SHOBHA S. KRISHNAN
Cervical cancer is preventable and a massive awareness programme is needed to send this message home, especially in rural India.
Saving women's lives by fighting cervical cancer has become a high priority in the global health agenda.
Photo: K. Pichumani
More awareness: Need innovative methods to spread information.
In the past few months, several reputed medical journals have published articles on innovative ways in which India is waging the war against cervical cancer, the leading cancer among women in this country.
Cervical cancer is a major global public health issue, particularly in developing countries. India unfortunately leads the pack, with 25 per cent of the world's cervical cancer cases occurring here.
Saving women's lives by fighting cervical cancer has become a high priority in the global health agenda. Cervical cancer peaks in women between the ages of 35-50 and not only takes their lives but also devastates many young families as a result.
Traditional Pap test
Fortunately, unlike many other cancers, we can gain control over cervical cancer because we know what causes it (the Human Papillomavirus or HPV, which is transmitted both non-sexually and sexually, but primarily through sexual intercourse); how to screen for it (a simple Pap test); and how to treat it (safe and effective methods are available when detected early).
The Pap test detects precancerous changes of the cervix (the opening of the uterus) before they progress to invasive cancer.
A doctor uses a brush to collect cells from the cervix, which is then transported to a laboratory and analysed. Results are relayed to the doctor, who communicates them to the patient and advises her on future follow-ups.
The Pap test alone has slashed the incidence of cervical cancer by 75 per cent in places where proper testing exists. However in India, since 70 per cent of the population lives in rural areas, trying to develop and maintain such a cumbersome programme is not feasible.
Therefore, various individuals and health organisations are exploring innovative and alternate screening methods to reach this vulnerable population and their efforts have met with varying degrees of success.
Alternate testing approaches
Visual inspection with acetic acid (VIA): Here, the cervix is painted with vinegar (the kind you buy in the grocery store) and abnormal tissue turns white within a few minutes. The test is conducted by trained non- physicians such as a dai, midwife, nurse, or a clinician.
Mobile vans or temporary units are set up in villages to “screen-and-treat”; so that women whose tests are positive can have cryotherapy — freezing of the cells with a probe — on the spot. These “one-stop” or “single visit” programmes minimise the patients' costs associated with transportation and time off from work.
HPV DNA Testing (Care HPV):Training non-physician health providers to recognise the often-subtle changes of abnormal cells with VIA sometimes poses challenges. To eliminate subjective errors, a newer method that directly detects the genetic material of the virus has been found to be more accurate, objective, and less demanding in terms of training and quality control.
This HPV DNA test can be performed in about 2.5 hours and does not require any electricity or running water. In addition, a woman can take her own vaginal swab in the privacy of her own home and then provide it for testing.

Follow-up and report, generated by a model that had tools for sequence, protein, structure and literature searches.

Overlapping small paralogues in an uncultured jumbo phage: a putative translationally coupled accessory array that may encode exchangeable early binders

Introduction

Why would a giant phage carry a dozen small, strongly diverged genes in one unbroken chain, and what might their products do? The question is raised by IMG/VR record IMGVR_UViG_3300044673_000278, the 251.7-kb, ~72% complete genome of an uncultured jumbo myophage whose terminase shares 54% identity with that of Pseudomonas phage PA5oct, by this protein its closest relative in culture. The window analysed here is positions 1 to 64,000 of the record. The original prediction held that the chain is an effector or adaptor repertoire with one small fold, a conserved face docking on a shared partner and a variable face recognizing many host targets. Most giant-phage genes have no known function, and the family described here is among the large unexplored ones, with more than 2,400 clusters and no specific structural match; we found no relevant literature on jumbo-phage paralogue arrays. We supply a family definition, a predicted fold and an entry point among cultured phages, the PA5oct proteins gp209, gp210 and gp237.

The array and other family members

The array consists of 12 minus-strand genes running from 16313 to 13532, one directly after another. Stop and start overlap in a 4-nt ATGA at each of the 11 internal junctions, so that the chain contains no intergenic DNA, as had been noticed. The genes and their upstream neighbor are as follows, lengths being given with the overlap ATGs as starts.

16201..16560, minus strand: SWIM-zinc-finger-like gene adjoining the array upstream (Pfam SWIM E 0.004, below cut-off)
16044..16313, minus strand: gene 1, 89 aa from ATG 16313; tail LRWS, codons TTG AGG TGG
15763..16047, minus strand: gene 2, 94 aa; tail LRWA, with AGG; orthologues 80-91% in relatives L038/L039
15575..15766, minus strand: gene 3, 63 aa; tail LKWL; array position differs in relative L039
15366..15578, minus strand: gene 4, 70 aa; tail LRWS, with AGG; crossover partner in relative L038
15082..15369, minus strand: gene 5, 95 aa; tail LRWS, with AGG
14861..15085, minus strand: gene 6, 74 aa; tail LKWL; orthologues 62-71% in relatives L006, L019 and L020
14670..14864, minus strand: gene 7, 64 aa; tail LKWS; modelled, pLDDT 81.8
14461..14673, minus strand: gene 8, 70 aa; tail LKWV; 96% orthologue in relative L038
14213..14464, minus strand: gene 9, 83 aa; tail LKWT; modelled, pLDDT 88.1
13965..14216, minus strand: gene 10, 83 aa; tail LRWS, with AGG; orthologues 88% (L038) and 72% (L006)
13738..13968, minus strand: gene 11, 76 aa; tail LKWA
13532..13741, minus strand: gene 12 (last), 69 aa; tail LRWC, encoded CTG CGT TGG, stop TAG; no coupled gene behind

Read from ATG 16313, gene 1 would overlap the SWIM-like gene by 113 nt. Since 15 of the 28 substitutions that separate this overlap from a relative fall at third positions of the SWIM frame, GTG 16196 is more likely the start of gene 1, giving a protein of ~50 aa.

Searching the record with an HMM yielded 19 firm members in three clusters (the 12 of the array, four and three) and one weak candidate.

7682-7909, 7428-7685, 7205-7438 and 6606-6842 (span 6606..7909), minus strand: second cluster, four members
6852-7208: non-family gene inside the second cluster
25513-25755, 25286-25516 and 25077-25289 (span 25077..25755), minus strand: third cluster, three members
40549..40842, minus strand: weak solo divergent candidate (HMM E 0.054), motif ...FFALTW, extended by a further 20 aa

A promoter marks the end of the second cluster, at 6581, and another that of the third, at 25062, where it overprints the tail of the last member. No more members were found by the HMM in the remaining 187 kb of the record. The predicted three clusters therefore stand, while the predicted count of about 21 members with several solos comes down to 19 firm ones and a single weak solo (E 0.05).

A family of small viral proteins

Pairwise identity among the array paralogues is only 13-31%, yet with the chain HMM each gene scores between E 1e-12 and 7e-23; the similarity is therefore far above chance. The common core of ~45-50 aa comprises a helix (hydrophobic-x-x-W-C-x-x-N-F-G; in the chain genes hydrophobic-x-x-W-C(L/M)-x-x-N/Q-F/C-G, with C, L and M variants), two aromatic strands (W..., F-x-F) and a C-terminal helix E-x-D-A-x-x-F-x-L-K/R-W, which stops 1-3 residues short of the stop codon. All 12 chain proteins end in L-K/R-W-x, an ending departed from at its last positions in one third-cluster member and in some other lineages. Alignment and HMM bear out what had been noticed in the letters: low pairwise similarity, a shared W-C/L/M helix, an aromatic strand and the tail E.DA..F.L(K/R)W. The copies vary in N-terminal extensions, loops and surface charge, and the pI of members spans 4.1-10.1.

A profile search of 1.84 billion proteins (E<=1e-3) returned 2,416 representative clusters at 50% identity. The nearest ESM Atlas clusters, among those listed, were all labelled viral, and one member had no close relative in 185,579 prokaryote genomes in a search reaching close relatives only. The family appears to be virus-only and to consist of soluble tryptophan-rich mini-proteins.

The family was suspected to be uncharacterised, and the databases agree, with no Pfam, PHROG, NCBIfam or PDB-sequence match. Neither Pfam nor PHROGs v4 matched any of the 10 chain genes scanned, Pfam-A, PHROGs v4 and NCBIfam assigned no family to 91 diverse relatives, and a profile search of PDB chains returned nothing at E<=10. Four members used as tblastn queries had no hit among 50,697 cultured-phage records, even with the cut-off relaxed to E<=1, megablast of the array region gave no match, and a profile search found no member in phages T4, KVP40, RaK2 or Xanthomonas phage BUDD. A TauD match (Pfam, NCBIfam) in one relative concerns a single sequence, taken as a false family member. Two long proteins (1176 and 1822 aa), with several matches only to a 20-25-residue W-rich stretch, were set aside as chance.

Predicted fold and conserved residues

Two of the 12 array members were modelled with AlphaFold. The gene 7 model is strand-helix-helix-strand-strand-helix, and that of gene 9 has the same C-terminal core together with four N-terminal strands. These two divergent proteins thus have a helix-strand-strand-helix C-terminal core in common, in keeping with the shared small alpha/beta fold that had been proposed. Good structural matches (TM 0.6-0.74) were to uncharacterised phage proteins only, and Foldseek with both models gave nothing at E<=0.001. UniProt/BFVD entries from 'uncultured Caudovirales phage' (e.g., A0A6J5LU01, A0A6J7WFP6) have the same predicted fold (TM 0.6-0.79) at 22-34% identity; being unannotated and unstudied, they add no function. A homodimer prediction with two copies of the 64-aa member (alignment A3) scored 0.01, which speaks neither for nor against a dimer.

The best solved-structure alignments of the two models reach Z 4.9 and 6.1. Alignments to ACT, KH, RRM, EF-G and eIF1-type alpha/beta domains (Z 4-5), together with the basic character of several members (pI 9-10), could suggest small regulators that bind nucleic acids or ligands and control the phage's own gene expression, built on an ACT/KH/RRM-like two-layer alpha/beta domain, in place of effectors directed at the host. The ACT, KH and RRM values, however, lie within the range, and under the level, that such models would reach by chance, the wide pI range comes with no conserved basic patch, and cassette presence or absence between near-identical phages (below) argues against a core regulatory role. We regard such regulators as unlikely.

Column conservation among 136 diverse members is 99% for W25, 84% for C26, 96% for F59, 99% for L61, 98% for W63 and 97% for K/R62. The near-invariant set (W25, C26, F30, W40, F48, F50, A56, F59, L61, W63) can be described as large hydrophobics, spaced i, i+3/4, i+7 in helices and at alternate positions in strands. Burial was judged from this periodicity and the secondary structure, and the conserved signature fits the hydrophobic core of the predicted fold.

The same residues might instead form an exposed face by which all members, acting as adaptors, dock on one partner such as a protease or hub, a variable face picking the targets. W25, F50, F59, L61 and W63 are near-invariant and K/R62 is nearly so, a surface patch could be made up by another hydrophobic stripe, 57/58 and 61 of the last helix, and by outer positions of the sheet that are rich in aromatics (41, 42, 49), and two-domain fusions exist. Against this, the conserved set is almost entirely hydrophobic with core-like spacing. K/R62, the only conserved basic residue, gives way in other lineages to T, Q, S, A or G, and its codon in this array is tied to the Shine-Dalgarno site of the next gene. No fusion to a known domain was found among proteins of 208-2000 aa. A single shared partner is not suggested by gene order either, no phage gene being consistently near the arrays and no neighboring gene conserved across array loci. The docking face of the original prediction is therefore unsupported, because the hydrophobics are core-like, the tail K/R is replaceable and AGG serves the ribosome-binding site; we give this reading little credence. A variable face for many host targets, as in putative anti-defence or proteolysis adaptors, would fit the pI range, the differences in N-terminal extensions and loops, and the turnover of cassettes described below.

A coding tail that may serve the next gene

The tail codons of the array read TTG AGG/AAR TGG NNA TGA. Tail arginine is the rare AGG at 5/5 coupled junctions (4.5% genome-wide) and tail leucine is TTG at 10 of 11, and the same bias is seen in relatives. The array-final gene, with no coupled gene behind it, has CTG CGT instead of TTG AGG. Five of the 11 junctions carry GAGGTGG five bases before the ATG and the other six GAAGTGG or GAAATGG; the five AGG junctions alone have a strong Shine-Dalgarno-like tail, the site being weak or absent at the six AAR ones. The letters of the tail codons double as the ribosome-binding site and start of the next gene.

Only abnormal results will need pelvic exams, which are considered taboo in many rural settings.
Currently, there are two vaccines available for HPV which prevent 70-80 per cent of cervical cancers. Both are preventive and are ideally recommended to be given to girls between the ages of 10-12. A series of three shots administered over 4-6 months is required to obtain maximum benefit.
Research shows that the synergy of vaccines and screenings can reduce cervical cancer deaths by half. However, the biggest deterrent to the widespread use of the vaccine is the cost. To make it more cost effective, there should be a strong partnership between community, local, state, and federal health officials and policymakers. In addition, seamless cooperation between national and international organisations in both the public and private sectors will be necessary to negotiate prices with pharmaceutical companies and secure the necessary financing.
Health officials will also need to use innovative methods to spread information about the vaccine. Although the media typically plays a critical role in spreading information, only 50 per cent of rural women have access to newspapers, magazines, TV, radio or cinema compared with nearly 90 per cent of urban women.
Besides, many rural women work in the fields during the day, so a more intensive door-to-door education campaign in the evening hours would be more effective than traditional outreach methods.
For long-term prevention of cervical cancer, launching a massive awareness programme will be necessary to not only motivate women, but also men who play a pivotal role in disease transmission and decision making for their wives' and children's health.
The key message here is that cervical cancer is almost completely preventable and that a woman's family benefits when she undergoes testing and when her daughters (and hopefully sons) are vaccinated.
With some creativity, flexibility, and well-focused use of resources, the fight against cervical cancer can be won, and can be erased as a major chapter from the book of women's health.
The writer is a New York-based physician and author of The HPV Vaccine Controversy: Sex, Cancer, God and Politics.